US Envoy Voices Concerns about MOGE
By Lalit K Jha 28 June 2012
The United States has concerns about Myanma Oil and Gas Enterprise (MOGE) with regard to the lack of transparency and the level of corruption associated with it, a top US diplomat told lawmakers on Wednesday.
“The issue of MOGE is one that we are looking very carefully at,” Derek Mitchell told a key US Senate Committee during his ambassadorial confirmation hearing. “We have concerns about this enterprise and its transparency and the corruption that is associated with it through reports that we have … There are particular concerns here with connections to the military and such.”
Mitchell is currently the special US representative and policy coordinator for Burma. He has been nominated by President Obama as the US ambassador to the country.
“We obviously are going to be careful and we should be careful,” he said in response to a question from a senator. “However we engage, that we do so with the highest standards of transparency, that we are contributing to reform inside the country, that we are contributing to the highest values and that we model the type of behavior that we like to see, broadly by US companies and by others. This particular issue when it comes to the general licenses that are being debated and discussed. Obviously it’s on the agenda and being looked at. There are no decisions made on this particular question.
“Clearly we want to see others raising their level to the standards, not just the American companies, so that we are on a level playing field. As we looked at the general license, we understand the balance between competitiveness and the standards that we want to set. So this is an ongoing question,” he said.
“Would you agree that the standards that are applied, should be the same standards that the United States applies in other countries?” asked Senator Jim Webb who chaired the confirmation hearing. “Yes, absolutely,” Mitchell responded.
“There have been public statements saying they are interested in more transparency in the extractive industries, including oil and gas. It’s very encouraging. I think it is our role to encourage that, to continue to educate,” he said, adding that he sees that things are moving in the right direction.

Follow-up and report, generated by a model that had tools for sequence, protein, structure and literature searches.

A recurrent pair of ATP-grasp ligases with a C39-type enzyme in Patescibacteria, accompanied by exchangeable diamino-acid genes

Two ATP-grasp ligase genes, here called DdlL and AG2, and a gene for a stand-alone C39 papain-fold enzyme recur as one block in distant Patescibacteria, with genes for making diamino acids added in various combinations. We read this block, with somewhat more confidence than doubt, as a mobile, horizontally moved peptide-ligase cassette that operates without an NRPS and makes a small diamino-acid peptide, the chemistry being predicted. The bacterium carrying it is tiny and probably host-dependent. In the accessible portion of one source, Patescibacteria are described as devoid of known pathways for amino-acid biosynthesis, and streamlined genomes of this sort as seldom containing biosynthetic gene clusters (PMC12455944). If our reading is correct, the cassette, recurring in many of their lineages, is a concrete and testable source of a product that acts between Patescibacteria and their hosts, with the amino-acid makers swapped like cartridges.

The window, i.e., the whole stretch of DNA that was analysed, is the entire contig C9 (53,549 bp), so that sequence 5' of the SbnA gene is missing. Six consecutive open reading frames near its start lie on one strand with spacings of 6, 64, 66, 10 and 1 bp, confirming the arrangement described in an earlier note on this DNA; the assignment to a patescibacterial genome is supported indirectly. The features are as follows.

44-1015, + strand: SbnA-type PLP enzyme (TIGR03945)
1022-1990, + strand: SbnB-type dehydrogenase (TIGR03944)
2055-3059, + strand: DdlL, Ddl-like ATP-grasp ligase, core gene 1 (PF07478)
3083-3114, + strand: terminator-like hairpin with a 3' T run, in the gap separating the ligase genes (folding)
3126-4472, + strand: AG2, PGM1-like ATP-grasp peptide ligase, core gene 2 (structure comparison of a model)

“Aung San Suu Kyi can certainly play a role inside the country in doing that so that everyone has a level playing field. But I would never dismiss what she says from our thinking. I mean, she is obviously a unique figure representing people in the country. And she represents values that we are care about,” he observed.
Senator James Inhofe asked if the US government decided not to allow its oil and gas companies to operate there, would those resources go undeveloped or would the companies from other countries take up that slack. “I think it’s been demonstrated from the past that other countries will likely take up the slack, but there may be some areas where the US is uniquely able to exploit. But clearly there are other countries that are ready to pick up the slack,” Mitchell said.
Earlier in his opening remarks, Webb praised the steps being taken by the Burmese government. “Let’s not forget that this country has had two peaceful national elections within the last year, released hundreds of political prisoners, negotiated ceasefire agreements with 12 ethnic minority groups, reduced censorship of the media, and supported the development of an effective political opposition,” he said.
“This is a country whose political system remains a challenge, but where positive conduct calls for reciprocal gestures. We should never take our concerns about political freedoms or individual rights off the table. We should make these concerns central to our engagement with all countries including with Burma,” Webb said. “But we should also be promoting economic progress to sustain the political reforms that have taken place. It’s time to make our policies internationally consistent with our principles.”
Mitchell told lawmakers that the Obama administration has been quite consistent and direct in public and private about its continuing concerns about the lack of transparency in Burma’s military relationship with North Korea.
“And specifically that the government must adhere to its obligations under relevant UN Security Council resolutions and it’s other international nonproliferation obligations. If confirmed as ambassador, I will continue to make this issue of highest priority in my conversations with the government and be clear that our bilateral relationship can never be fully normalized until we are fully satisfied that any illicit ties to North Korea have ended once and for all,” he said, addressing lawmakers.
“As the Burmese government has taken steps over the past year, so too has the United States in an action-for-action approach,” he added. “Each action we have taken in recent months has had as its purpose, to benefit the Burmese people and strengthen reform and reformers within the system. This engagement should continue and expand. If confirmed, I will do my part in the field, to support a principled approach that effectively marries our values with our broader national interests.”